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Rogue One: A Star Wars Story – Review

Star Wars Rogue One Review

Is Rogue One a film we didn’t know we wanted all along?

Starring: Felicity Jones, Diego Luna, Ben Mendelsohn, Donnie Yen, Mads Mikkelsen
Director: Gareth Edwards

As a child, Jyn Erso (Felicity Jones) sees her father forcably taken to work on a mysterious superweapon for The Empire. Decades later he sneaks a message to the rebellion and she is recruited to track him down and find out more. Meanwhile imperial officer Krennic (Ben Mendelsohn) is conducting the first city-sized Death Star weapon tests, with devastating results. As the rebellion’s doubts about her father’s statements grow, Jyn splits off with her own wayward band of fighters to try and steal the Death Star plans – before it can be used for planet-sized destruction…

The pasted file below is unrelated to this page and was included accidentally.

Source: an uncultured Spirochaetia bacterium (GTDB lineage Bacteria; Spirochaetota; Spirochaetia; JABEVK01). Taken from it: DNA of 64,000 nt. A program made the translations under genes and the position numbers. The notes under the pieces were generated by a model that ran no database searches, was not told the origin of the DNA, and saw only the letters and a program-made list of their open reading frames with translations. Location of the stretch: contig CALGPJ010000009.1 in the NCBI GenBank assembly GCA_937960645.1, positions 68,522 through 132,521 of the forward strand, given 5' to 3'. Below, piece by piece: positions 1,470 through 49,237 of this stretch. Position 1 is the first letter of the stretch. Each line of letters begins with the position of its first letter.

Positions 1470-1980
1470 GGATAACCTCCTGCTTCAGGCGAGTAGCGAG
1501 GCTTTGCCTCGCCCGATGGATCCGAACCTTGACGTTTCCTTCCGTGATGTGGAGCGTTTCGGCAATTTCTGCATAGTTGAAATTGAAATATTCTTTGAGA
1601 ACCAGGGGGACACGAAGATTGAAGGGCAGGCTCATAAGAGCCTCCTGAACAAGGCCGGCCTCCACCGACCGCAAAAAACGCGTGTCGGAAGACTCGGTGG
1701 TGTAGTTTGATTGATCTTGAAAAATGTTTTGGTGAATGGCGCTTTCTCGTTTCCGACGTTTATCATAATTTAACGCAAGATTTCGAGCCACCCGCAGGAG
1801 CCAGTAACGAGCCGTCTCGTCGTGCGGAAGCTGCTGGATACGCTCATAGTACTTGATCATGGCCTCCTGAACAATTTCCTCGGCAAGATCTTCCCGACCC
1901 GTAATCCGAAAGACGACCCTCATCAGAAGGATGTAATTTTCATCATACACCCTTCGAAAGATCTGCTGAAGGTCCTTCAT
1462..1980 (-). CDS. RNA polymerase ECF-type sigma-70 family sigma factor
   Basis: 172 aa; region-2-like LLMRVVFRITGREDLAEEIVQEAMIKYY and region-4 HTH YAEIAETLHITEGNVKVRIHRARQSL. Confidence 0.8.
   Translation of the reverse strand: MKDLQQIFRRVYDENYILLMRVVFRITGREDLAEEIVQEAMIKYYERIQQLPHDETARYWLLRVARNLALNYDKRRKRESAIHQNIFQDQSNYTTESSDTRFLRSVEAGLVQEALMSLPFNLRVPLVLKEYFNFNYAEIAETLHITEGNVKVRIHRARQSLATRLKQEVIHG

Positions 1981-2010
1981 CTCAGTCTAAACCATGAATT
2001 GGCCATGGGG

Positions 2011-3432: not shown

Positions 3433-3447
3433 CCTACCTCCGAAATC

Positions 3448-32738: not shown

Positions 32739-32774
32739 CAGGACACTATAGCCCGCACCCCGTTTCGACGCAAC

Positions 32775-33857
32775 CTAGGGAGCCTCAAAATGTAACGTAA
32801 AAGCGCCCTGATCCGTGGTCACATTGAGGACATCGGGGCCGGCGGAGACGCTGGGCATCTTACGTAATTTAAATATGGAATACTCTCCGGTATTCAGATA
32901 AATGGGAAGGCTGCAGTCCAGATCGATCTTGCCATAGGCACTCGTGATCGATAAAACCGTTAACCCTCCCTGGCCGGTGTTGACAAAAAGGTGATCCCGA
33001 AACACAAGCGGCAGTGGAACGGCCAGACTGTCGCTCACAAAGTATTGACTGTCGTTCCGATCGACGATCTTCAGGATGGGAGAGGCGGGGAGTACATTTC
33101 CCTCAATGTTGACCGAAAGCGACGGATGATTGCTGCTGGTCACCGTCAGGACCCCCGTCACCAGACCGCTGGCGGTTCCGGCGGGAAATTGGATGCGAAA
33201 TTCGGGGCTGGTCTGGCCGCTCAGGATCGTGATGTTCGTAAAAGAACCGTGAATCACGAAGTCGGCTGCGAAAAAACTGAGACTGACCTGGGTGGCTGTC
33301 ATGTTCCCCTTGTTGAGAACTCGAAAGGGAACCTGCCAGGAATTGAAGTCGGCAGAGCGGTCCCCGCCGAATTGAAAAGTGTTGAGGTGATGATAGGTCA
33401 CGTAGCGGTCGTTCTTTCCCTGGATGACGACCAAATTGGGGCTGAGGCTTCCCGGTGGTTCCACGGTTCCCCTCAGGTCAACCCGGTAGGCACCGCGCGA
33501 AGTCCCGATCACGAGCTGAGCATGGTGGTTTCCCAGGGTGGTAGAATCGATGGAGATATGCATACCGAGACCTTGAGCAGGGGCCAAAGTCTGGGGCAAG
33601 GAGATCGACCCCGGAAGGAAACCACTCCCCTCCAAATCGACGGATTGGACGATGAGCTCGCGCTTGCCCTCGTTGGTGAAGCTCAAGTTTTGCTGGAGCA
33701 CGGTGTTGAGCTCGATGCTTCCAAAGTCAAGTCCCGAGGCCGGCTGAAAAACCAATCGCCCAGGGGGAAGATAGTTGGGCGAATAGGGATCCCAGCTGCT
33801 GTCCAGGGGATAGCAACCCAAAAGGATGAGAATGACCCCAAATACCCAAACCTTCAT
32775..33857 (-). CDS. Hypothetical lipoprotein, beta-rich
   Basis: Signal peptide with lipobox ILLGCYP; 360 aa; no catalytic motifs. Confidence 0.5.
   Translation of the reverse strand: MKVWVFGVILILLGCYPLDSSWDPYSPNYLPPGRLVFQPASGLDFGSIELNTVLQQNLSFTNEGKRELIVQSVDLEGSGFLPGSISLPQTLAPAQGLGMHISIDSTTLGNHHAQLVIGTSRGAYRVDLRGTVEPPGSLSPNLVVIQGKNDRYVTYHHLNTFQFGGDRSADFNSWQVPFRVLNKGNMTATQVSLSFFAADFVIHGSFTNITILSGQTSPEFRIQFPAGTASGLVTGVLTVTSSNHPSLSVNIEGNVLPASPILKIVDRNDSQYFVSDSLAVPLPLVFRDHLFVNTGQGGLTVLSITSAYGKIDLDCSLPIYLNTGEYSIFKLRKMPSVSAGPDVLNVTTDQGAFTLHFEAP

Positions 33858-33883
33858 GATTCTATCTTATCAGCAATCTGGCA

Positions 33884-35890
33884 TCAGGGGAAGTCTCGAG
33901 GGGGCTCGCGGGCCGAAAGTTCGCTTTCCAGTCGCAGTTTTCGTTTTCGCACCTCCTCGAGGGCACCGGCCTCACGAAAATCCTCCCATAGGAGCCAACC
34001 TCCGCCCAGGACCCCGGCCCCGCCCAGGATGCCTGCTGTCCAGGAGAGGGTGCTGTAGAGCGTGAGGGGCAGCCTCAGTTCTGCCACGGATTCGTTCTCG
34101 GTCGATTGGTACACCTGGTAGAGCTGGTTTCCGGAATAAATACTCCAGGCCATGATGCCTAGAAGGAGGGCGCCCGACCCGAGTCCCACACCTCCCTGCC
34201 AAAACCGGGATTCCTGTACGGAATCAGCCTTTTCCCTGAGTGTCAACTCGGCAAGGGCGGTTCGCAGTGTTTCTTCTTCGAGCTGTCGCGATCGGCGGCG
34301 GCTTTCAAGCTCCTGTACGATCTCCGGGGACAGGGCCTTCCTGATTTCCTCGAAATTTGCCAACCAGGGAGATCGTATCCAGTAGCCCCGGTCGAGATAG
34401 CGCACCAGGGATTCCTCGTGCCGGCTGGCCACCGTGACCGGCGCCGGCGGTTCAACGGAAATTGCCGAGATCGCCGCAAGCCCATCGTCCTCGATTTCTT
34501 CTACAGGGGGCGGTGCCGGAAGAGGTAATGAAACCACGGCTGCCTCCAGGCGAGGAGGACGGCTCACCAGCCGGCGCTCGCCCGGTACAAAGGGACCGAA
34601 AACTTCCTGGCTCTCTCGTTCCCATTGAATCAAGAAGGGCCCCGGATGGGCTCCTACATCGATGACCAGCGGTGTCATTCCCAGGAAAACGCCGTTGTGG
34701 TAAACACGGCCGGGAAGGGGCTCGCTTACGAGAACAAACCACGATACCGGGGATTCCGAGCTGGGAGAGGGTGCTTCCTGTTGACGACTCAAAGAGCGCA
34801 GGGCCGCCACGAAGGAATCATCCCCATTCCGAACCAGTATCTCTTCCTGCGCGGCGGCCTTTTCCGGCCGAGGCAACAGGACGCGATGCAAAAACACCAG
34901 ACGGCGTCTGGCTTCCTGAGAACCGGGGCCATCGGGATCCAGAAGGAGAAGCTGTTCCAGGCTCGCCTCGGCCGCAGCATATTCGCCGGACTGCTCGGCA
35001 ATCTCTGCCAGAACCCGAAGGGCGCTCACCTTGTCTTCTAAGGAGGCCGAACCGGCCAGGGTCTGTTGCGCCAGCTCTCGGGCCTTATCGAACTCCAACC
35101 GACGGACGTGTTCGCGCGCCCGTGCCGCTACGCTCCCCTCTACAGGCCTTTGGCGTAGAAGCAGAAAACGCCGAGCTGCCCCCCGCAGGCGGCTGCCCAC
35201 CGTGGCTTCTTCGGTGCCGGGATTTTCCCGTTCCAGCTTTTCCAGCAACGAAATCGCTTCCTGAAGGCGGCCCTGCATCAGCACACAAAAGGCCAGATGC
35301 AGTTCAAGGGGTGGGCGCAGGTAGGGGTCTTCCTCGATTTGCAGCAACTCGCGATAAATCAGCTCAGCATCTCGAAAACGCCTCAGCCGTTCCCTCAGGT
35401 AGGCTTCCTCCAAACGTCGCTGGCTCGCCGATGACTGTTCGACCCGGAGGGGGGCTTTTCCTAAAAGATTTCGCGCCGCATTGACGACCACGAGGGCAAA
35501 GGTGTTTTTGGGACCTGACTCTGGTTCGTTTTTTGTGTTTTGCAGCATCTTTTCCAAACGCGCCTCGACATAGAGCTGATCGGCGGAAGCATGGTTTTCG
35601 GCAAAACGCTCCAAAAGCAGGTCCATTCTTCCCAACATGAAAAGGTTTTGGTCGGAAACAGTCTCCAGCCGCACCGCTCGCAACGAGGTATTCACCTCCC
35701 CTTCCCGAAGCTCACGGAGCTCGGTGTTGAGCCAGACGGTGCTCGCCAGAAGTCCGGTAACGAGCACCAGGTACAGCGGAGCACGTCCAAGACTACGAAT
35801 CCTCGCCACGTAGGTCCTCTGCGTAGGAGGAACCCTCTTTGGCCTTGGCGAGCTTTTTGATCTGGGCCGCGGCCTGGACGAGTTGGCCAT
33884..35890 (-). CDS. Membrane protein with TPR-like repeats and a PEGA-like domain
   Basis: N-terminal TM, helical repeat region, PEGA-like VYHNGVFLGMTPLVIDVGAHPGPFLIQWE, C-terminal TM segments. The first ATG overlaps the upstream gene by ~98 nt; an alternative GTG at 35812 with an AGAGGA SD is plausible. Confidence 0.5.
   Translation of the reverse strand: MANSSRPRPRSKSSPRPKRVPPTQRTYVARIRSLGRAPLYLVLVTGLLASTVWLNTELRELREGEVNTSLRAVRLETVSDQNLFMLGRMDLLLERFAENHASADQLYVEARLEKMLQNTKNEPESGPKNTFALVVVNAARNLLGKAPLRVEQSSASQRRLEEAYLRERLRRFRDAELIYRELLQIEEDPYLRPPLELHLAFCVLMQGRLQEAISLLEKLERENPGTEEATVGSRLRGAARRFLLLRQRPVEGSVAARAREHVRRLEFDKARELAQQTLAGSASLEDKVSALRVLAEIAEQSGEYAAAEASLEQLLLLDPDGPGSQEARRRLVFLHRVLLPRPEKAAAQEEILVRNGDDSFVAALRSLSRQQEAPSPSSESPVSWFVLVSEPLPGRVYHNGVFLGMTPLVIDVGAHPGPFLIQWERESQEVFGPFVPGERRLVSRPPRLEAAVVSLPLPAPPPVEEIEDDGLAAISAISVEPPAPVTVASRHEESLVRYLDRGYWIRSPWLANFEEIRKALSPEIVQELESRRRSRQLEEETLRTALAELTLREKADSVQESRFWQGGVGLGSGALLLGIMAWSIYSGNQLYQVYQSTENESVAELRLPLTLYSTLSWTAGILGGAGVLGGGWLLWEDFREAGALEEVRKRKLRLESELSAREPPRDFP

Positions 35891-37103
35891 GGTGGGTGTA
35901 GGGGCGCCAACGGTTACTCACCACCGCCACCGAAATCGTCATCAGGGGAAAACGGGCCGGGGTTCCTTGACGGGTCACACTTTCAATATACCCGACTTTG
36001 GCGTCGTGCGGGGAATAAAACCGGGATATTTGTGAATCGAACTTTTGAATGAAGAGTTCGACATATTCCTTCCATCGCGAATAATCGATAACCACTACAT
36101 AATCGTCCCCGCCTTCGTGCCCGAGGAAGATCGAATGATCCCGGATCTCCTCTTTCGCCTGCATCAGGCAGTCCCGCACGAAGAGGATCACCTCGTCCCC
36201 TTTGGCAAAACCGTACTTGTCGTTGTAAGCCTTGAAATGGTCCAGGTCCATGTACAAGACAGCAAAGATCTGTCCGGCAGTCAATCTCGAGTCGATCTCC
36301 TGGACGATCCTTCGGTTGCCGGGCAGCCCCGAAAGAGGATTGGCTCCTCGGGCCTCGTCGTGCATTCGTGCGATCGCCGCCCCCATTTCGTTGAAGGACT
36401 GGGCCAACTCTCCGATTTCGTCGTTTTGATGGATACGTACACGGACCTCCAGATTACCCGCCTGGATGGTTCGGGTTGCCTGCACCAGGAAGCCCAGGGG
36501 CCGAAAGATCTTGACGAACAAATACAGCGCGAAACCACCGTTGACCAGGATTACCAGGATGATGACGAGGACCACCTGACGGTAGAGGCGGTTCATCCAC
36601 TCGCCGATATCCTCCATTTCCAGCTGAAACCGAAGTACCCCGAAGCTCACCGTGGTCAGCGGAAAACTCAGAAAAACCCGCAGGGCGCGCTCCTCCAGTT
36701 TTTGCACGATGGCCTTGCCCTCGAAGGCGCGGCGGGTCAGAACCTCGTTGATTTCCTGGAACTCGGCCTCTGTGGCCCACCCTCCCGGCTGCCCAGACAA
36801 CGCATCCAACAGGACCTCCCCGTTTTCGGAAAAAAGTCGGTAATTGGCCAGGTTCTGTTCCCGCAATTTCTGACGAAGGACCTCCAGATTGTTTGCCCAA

Tracing the story of the first two paragraphs of the 1977 Opening Crawl, this standalone Star Wars spin-off leads right into the start of A New Hope.

Lower expectations than Force Awakens help what’s actually a tighter film, one that offers a different form of fan service that doesn’t feel as derivative.

Felicity Jones comes across much better than she did in the unconvincing ‘badass heroine’ marketing, and the varied ensemble around her all play it perfectly, from the matter-of-fact imperial droid (Alan Tudyk) to the blind bo-staff wielding temple guard (Donnie Yen, IP Man). The more war-like mood (complete with some ‘Nam helmets), plus the lack of lightsabers or Jedi, help give it a different tone, that’s most welcome.

Ben Mendolson isn’t handed the most memorable villain role but gives a solid, calculating performance as the imperial officer driving the Death Star’s construction.